Application Programming Interfaces (API) are functions and resources that allow applications to interact with each other. APIs, often described as machine-to-machine interfaces, include libraries, frameworks, toolkits, and software development kits.
APIs are driving the Internet and our economy. You use an API every time you enter an app like Instagram, send a message, or check your email. APIs enable smooth data exchange.
In addition, APIs make it simple for developers to add new functionality to their apps. Rather than constructing a product from scratch, a developer can use an API and build on top of what others or themselves have already done. This shortcut saves time and ensures that important functionality works correctly.
Furthermore, with the spread of cloud technology, more and more SaaS programs are migrating to the cloud. These cloud services use APIs to communicate with each other. From text messaging to e-commerce to simply checking the news, everyday activities depend on API support.
As a result of these conveniences, API usage is rising rapidly. As a result, there could be dozens, hundreds, or even thousands of APIs connecting internal apps to each other and the outside world in a single organization. But it’s not all good news.
As the use of APIs increases, so do the threats that target them. An API attack occurs when an API is used or attempted to be used maliciously. API-based attacks are three times more common than attacks against HTML applications. APIs include documentation about their structure and implementation methods, making it easier for hackers to use this information to launch cyber-attacks. If an API is broken, exposed, or not adequately secured, it can result in sensitive or personal data exposure. Security flaws, or even misconceptions, can lead to these attacks. Therefore, API security must evolve to remain updated in this ever-changing environment.
Many companies and organizations do not fully understand APIs. These misconceptions can lead to an API being left unprotected and vulnerable to attacks. Here are three common misconceptions:
Some organizations think they don’t have any APIs at all, some aren’t aware of all their APIs, and others may think there is little traffic going through them. Many businesses today do not maintain a complete inventory of all APIs, which creates a significant vulnerability.
Knowing all the APIs used by your applications, including shadow APIs, makes it easy to be aware of changes and evolving risks. Misconfigurations, suspicious behavior, and cyber-attacks can happen when security teams are unaware of APIs, and sensitive data breach protocols cannot sufficiently protect applications from potential attacks.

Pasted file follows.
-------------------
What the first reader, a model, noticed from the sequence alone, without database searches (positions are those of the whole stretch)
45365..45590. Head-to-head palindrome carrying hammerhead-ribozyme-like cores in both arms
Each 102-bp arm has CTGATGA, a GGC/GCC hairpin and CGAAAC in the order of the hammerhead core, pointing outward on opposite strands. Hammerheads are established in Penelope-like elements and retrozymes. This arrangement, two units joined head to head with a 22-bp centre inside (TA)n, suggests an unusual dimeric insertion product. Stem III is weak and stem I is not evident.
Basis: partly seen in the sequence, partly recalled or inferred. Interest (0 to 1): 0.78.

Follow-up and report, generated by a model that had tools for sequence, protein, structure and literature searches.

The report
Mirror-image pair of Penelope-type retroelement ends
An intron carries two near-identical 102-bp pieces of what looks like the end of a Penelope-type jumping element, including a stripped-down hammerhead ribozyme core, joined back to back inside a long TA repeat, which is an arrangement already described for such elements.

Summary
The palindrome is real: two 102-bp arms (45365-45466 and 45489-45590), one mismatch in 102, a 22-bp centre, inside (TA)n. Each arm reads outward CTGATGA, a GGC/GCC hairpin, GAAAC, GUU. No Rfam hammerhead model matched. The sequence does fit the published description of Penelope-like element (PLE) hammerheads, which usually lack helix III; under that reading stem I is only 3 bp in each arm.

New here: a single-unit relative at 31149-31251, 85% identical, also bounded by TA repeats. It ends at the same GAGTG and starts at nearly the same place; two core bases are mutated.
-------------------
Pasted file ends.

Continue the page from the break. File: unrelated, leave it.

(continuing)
Many businesses still rely on traditional security tools such as API gateways and Web Application Firewalls (WAFs) or other conventional protection methods. But while these means may be able to protect your APIs from familiar threats, they don’t protect you from other threats.
Traditional tools completely miss attacks that target the logic of APIs as threats become more complicated and sophisticated. Because these low-volume, slow-moving attacks occur over hours or days, WAFs cannot collect and analyze the large amounts of data required to establish context and identify these subtle attacker activities.
Another common misconception is that APIs are hidden behind the scenes and benefit from security through obscurity. Compared to typical web apps, APIs, by their very nature, reveal a lot more application functionality and data than you may think. As a result, attackers can easily explore APIs using the same tools as developers, using subtle methods to map the API, grasp the logic, and seek vulnerabilities.
Moreover, some companies may not be aware of public or undocumented APIs in their systems and applications, potentially allowing hackers to gain entry.
As the use of APIs grows, so does the motivation of hackers to exploit security gaps. Gartner predicts that by 2022, API abuses will move from an infrequent to the most frequent attack vector. Not having an API state of mind may cause companies and businesses to be exposed or attacked.
API security requires its own set of tactics and solutions to comprehend and mitigate specific vulnerabilities and security concerns. The only way to protect APIs is to secure them holistically and comprehensively throughout the software lifecycle. You need to discover all your APIs, learn their business logic, baseline and track traffic, identify security gaps or potential threats, and consider possible remediation—throughout each API’s entire lifecycle.